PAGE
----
It took me another 15 or minutes to understand the directions and get the shorty exhaust installed on the bike. If I didn’t have to run to the hardware store to get a 9/64” drill bit, it would have taken no time to get the exhaust on and buttoned up. The one thing I realized after installing the pipes and after a friend that also owns an FJR1300 noticed, is on the left side pipe there is a what looks like a hanger for the exhaust. When I got them on, I could not see where the “hanger” came into play. Since I installed these while on my center stand, the “hanger” didn’t come close to the side kickstand, so I was at kind of at a loss. When I asked my buddy a few days later, (I didn’t have time to take a test ride yet) he noticed the “hanger” was actually a stop protector for the center stand. I didn’t have the exhaust turned just right to have the rubber on the center stand hit it correctly. The center stand was hitting the protector on the metal part of the center stand. Once I realized how it worked, it took me 5 minutes to loosen the clamp, remove the rivet that keeps the exhaust from turning (safety feature), and turn the exhaust so the center stand hit correctly on the rubber part for the center stand. I simply needed to drill another hole in the exhaust for the rivet. No harm, no foul. That is the part I mentioned to Gary, and he said he would add to the instructions, so others realize how that should line up.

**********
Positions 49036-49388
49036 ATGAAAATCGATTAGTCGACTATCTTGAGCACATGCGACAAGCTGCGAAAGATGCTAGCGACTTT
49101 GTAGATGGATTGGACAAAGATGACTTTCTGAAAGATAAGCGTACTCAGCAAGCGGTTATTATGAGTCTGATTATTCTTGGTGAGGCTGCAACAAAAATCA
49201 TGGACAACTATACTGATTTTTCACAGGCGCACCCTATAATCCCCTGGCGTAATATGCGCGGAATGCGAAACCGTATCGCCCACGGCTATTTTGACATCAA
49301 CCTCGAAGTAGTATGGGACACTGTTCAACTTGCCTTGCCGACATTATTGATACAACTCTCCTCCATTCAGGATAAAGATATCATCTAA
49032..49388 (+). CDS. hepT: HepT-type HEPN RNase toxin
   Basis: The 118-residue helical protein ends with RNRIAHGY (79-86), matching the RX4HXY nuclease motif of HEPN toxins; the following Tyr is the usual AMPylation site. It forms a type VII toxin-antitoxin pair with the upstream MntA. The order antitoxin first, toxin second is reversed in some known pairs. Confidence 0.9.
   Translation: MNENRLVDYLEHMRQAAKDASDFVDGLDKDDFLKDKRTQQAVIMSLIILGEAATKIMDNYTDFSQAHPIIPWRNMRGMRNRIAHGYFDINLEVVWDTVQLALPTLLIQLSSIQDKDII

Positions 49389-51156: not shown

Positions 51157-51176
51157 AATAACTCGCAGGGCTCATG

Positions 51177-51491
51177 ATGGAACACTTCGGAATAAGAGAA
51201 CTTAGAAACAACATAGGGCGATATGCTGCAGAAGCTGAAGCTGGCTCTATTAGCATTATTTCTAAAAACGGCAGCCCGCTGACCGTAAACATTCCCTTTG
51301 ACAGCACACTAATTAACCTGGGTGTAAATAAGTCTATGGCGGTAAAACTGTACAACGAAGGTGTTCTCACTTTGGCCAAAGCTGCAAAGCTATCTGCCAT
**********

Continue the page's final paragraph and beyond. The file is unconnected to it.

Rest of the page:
I started my bike up while my friend was here. (The one w/ the FJR1300) . He was not a fan of the exhaust when I first showed it to him online. Once he saw and heard them live, he changed his tune a little bit. He still likes bigger exhaust, looks wise, but thought they sounded way better than what the short clip sounded like online.

A few days later, I had the opportunity to finally take the bike for a ride. I must say, the sound is WAY different than the stock exhaust. It is louder and throatier than the stock exhaust, but not obnoxious at all. I rode for a couple of hours and I really liked the sound while riding. I still want to get a video of me taking off from a stop, as well as a pass by video. I am hoping that will help others in making a decision if this is the type of exhaust they would like to get. I also have not taken out the baffles to try that setup. I am more than happy with the default setup of these pipes. I know these pipes will not be for everyone, but I really like them. I will not be going back to the factory exhaust.

I really like the looks of the exhaust as well as the sound, and the pipes are REALLY made well. Not only are they light, but the welds are phenomenal and the coating is fantastic. I have ridden quite a few miles now, and the exhaust DOES NOT throw any heat on the side saddle bags.

The set of pipes sent to me are black with black tips. This works out great for my bike, since the 2008 FJR1300 is black. It might look good w/ the black body and silver tip as well, since there is some silver on my bike as well.

Again, overall I am extremely happy with this exhaust. Gary and the whole Coffman team were great to work with and really friendly people. This exhaust is not their first rodeo. They have been making exhausts for over 40 years now. I have not had to call Gary with any questions, but I know I could pick up the phone and ask any questions if the need arose. Since these pipes were such a great fit and easy to install, that was never needed. At this price point, I think the Coffman Shorty Exhaust would be REALLY hard to beat. Check them out. I have put some links for you to be able to see the looks and hear the sound. Feel free to ask any questions and I will do my best to answer.

Some photos can be found here.

Check out @MichaelMaze’s Tweet: